Repositioning: A Return To Military Service

So. To catch everyone up, I have told Zelda we are divorcing,
that I don’t want to try (yes, this has been said before, so
what? In playing her stupid games, I have been “trying”, and I believe in Declarations of Independance.), and that I actually want things to end. My next step is
to get, in fincancially sound condition, onto a day shift so
that I have a reasonable expectation of having at least partial
custody of children. Zelda has promised to fight for custody,
in fact, to fight for everything right across the board because,
she says, the harder she makes this the longer it will take, and
therefor the longer we will be married.


Day jobs around here run to about a $400/month loss from what
I’m making. If I rejoin the National Guard, I’ll make that for
drill weekend, and, better, will have open to me preferred
status for some state jobs at higher wages. So I’m rejoining
the Guard.

Good Lord.

So. Yesterday I got up before work and saw the recruiter, who
set me up for testing today. They have to make sure I still
know how to read and write. “Mnarra,” you say, “you were a
commissioned officer, a leader in the military machine. Surely
they expect you can read and write.”

Apparently they didn’t test for that when they commissioned me. Or they forgot. Anyway.
I stayed up until 1pm today taking the three hour test in 10
parts, each timed, not allowed to leave the room, speak, read my
book between tests, or even drink my coffee. If I do any of
those things I might be moved to cheat.

I was finishing the tests in about half the time, which left me
with 90 minutes to be bored. I yearned for my book. I yearned
for /anything/ to read, to while the time and help me stay
awake. After a time it occured to me that I’m a writer, and
they provided me with scratch paper.

I could write my own story, and then have something to read.
Hilarious. I break me up. I laughed aloud, gaining dirty looks
from the proctor, who suspected me of cheating using coded
laughter. I kept snickering, though, because the idea tickled
me; when one runs out of books, write something and then have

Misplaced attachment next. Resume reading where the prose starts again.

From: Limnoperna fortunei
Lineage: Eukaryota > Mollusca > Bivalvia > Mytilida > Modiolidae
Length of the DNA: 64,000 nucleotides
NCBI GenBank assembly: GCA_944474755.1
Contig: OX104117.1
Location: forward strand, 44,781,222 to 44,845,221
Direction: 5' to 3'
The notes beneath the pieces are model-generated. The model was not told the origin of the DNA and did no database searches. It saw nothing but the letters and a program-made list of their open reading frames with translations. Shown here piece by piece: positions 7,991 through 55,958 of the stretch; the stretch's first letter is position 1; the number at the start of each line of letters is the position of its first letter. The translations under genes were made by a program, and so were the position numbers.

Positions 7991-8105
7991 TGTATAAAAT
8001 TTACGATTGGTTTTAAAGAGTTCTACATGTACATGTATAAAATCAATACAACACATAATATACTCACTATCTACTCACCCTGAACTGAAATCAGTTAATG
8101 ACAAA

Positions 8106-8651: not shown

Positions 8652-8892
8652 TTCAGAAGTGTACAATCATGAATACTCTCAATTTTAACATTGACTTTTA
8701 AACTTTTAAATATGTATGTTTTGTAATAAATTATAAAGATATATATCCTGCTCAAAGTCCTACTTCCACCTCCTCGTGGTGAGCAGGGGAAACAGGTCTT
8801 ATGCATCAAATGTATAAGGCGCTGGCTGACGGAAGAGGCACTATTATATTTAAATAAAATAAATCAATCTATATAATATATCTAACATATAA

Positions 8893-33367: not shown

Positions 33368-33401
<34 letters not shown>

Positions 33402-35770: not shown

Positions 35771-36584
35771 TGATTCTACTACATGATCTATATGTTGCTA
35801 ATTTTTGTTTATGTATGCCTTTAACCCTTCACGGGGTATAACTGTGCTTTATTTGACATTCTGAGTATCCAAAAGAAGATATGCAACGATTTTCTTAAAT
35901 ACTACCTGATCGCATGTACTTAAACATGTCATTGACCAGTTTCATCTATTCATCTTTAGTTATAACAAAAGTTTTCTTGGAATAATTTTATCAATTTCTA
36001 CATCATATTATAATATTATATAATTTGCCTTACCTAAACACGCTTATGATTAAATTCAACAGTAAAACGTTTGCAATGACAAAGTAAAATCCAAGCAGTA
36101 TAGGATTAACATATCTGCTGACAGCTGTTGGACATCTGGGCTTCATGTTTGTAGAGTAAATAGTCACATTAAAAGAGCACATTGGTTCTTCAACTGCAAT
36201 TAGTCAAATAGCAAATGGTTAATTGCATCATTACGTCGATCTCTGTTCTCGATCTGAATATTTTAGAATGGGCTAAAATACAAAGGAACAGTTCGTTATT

more to read.

Okay, not so funny, really, but I’d been without sleep for
nearly 24 hours. I free associated my way to a subject, which I
determined would be “ducks.”

Follows the story, since I can’t think where one would send such a thing for other publication, but before I go, yes, I passed the test,
which requires a 31% to pass. I got 99%, the max possible, shocking and amazing
the other folk and proctors. Surely, they seemed to think, the
numbers don’t go that high because people /need/ them to be that

After stupifying my classmates and recruiters (not hard) and
feeling smug for having not only aced the test, but having
written a story in the meantime and then, after reading it
several times, getting some short naps after the test blocks, I
went to the parking lot and discovered I’d left my lights on for
three hours, killing the battery. The kid who scored 29 jumped
my car for me.

Ah, irony.


Working Title: Duck of Vengeance

A duck was waddling morosely near his pond and happened upon a
man. Recognizing immediately — for ducks are much wiser and
more perceptive than we give them credit for — that the man was
the Egyptian god Horus, Lord of vengeance, the duck prostrated
himself saying, “Hail, great god Horus!”

Horus looked down at the waterfowl and made answer,
saying, “Hail, duck. Few are those who call on gods without
wanting something. What would you?”

The duck rose. “Oh, Horus, what I crave is no great thing for
you. I wish vengeance against one of my kind. There is